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Sep 24, 2010

Mens corduroy pants -- choices, choices



Hello, friends!  Sleep well?   Much to cover so let's get started.

I bought two more yards of the cranberry corduroy.  I swung by Sil Thread -- not a very user-friendly environment, as almost nothing has a price tag on it -- and picked up the cotton topstitching version of my matching cranberry thread.  I started practicing with topstitching on the fabric -- I'm nearly sure I'll be topstitching the lapels though maybe not.  Anyway, no problems there; it did not damage the short nap.

BTW, I think I'm going to be cutting everything so the nap brushes down from the top which, based on my reading, seems to be the more popular choice, though some velvets are cut nap-up so they catch the light in a more attractive way.



Next, I went to C&C Button on 38th St. (Mainely Dad introduced me to this place) and picked up good quality hook and eyes.  I think it was like $4 for a package of ten.  Fabulous place!



I also purchased some commercial waistband interfacing in black. (I already have something from Steinlauf & Stoller in beige.  Is that what this is called?  I'm not even sure.  It combines like three different kinds of interfacing and you sew it onto your fashion fabric waistband.)





Next, I laundered and pre-shrank all my understructure fabrics -- everything.  Kenneth King, in Cool Couture says "Unless indicated, preshrinking is necessary for all understructures."  Roberto Cabrera in Classic Tailoring Techniques, however, says you don't need to preshrink the haircloth.  (This is why you CAN have too many books.)   

Whatever, it all went through the laundry and nothing looks any the worse for wear.  (Some of this stuff will be going into Michael's suit and not mine.  I'm still not sure how much understructure to add to a corduroy jacket and I think it's more a matter of taste than any hard-and-fast rule.)



My pocketing is still a little stiffer than I'd prefer but I can live with it.

What else...?

Remember those despised pleated pants that were exiled to the Land of Forbidden Clothes (otherwise known as the Salvation Army) on Wednesday?  Well, I lied; I kept them.  (I did dump a bag of Michael's clothes though.)  So yesterday I dissected them, just the way I'd dissected the jacket that went with them last month in anticipation of Michael's suit project that I swear will happen in 2010.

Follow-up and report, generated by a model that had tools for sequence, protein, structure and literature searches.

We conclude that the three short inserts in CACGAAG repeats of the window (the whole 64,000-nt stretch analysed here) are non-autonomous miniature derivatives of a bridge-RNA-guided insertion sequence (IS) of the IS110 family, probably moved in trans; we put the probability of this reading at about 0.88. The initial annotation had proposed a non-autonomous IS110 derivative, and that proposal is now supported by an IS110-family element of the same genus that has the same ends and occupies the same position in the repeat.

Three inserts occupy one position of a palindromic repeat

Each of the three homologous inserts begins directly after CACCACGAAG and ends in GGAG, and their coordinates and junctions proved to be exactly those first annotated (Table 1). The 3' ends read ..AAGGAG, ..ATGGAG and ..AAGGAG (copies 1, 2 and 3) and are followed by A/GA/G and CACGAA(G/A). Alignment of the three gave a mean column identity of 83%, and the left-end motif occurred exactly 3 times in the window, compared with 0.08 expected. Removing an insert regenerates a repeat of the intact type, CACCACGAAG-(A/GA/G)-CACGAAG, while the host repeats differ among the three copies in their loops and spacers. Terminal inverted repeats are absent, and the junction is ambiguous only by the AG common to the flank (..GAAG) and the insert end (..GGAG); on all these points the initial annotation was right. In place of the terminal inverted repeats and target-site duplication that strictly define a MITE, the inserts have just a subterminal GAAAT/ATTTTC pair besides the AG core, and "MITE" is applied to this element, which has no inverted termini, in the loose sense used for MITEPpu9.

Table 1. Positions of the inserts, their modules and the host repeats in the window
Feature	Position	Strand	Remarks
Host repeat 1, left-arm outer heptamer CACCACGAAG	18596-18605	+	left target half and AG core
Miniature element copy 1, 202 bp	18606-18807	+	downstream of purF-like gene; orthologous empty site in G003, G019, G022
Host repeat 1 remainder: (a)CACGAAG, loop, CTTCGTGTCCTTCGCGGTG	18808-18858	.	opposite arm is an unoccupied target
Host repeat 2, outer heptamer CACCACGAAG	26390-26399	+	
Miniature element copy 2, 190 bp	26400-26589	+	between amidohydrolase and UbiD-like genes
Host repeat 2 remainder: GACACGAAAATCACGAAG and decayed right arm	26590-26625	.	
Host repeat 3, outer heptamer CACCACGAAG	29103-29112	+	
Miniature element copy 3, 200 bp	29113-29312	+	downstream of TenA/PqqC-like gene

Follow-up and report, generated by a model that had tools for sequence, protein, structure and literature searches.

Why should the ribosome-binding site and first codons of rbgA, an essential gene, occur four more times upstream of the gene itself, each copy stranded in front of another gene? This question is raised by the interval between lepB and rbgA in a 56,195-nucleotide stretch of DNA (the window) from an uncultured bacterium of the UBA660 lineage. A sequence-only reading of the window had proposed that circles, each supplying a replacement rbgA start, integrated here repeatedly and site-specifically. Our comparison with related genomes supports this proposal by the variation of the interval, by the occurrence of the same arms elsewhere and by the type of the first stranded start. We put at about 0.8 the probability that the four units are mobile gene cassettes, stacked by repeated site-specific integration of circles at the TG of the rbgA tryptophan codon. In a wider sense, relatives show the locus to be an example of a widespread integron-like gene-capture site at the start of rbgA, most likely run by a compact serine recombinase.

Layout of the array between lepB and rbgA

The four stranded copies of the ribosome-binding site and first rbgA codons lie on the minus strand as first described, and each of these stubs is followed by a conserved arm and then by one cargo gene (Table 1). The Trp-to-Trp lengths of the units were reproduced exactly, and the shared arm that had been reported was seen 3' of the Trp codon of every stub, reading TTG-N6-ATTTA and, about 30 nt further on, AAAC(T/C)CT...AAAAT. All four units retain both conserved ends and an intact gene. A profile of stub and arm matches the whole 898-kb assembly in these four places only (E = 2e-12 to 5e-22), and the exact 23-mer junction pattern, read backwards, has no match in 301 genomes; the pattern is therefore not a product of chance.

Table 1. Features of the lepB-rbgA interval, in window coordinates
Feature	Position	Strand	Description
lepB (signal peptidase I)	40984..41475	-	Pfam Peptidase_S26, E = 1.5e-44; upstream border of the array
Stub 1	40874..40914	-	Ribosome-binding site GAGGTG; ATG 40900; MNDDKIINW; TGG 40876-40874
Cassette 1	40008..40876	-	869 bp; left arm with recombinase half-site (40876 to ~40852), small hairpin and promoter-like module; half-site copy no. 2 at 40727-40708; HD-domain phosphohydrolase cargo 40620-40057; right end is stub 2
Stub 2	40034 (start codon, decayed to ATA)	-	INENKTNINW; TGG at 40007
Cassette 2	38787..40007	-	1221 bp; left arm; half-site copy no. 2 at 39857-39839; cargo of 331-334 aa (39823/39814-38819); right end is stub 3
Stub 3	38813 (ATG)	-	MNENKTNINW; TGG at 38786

Friends, I cannot stress enough how much one can learn from ripping apart one's old clothes.  (Remove from body first, of course.)  Fascinating.







I know some of you would love to see the full autopsy and there are plenty more pics here for you MPB completists.

Meanwhile, readers, I haven't decided which pattern to use or whether I should use a commercial pants pattern at all.

I had originally planned on using this vintage McCall's Basile pattern (fancy!):



Then as I'm ironing it I came upon this: the dreaded front PLEAT!



I maintained my composure and considered my options.  I could: 1) pleat the paper pattern and cut the fabric in its now-narrower shape (Thanks, Michael!); 2) Use my old self-drafted pants pattern (which, you may recall, does not include seam allowances, pictured below);



...or 3) use another commercial pattern.  I have this pattern, from roughly the same era, which includes a no-pleat option.





That pattern, however, is uncut, and I don't want to cut another pattern if I don't have to.   I'll decide what to do today.  I think I can handle taking a small pleat out of a pattern, don't you?

OK, let's catch our breath for a minute; I don't want to wear you out as we still have nine days to go.

I feel cautiously optimistic about these pants.

Thank you for all your wonderful comments yesterday regarding my cranberry corduroy.  A man considering wearing a suit that color needs all the support he can get!

Hey, it's Friday, isn't it?  You're all probably easing off your week and my work is just beginning; does that sound fair?  Oh well, we can't always choose what challenges life throws our way, can we?

I'm not one to complain; Love What Is, that's what I always say!

Questions?  Comments?  Cranberry cravings?

I'm here for you!

25 comments:

  1. Happy to hear the pleated pants will serve *some* purpose. Enjoy your weekend of sewing!

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  2. Cool deconstruction! I would go with the self-drafted pants pattern (Or at least one you've made before) for this project. Time is short, and you know that it fits well and flatters you. :)

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  3. Peter, I think the self drafted pattern looks great on you, that's definitely my choice...but remember to give yourself extra room if this fabric doesn't have any stretch to it.

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  4. I'd go with the pants you have already made and are comfortable in. The McCalls pattern has a lot more room in it to make the leg look in proportion to the pleated top, and you probably don't want that. The flowered ones fit you so well.

    I just love that you take the time to do it right: preshrinking and getting all the right materials. I'm really looking forward to the part where you attach the slide fastener on the waistband as I've never done that and have never seen a how-to.
    Heather

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  5. That's going to be a surprise for me too, Heather! ;)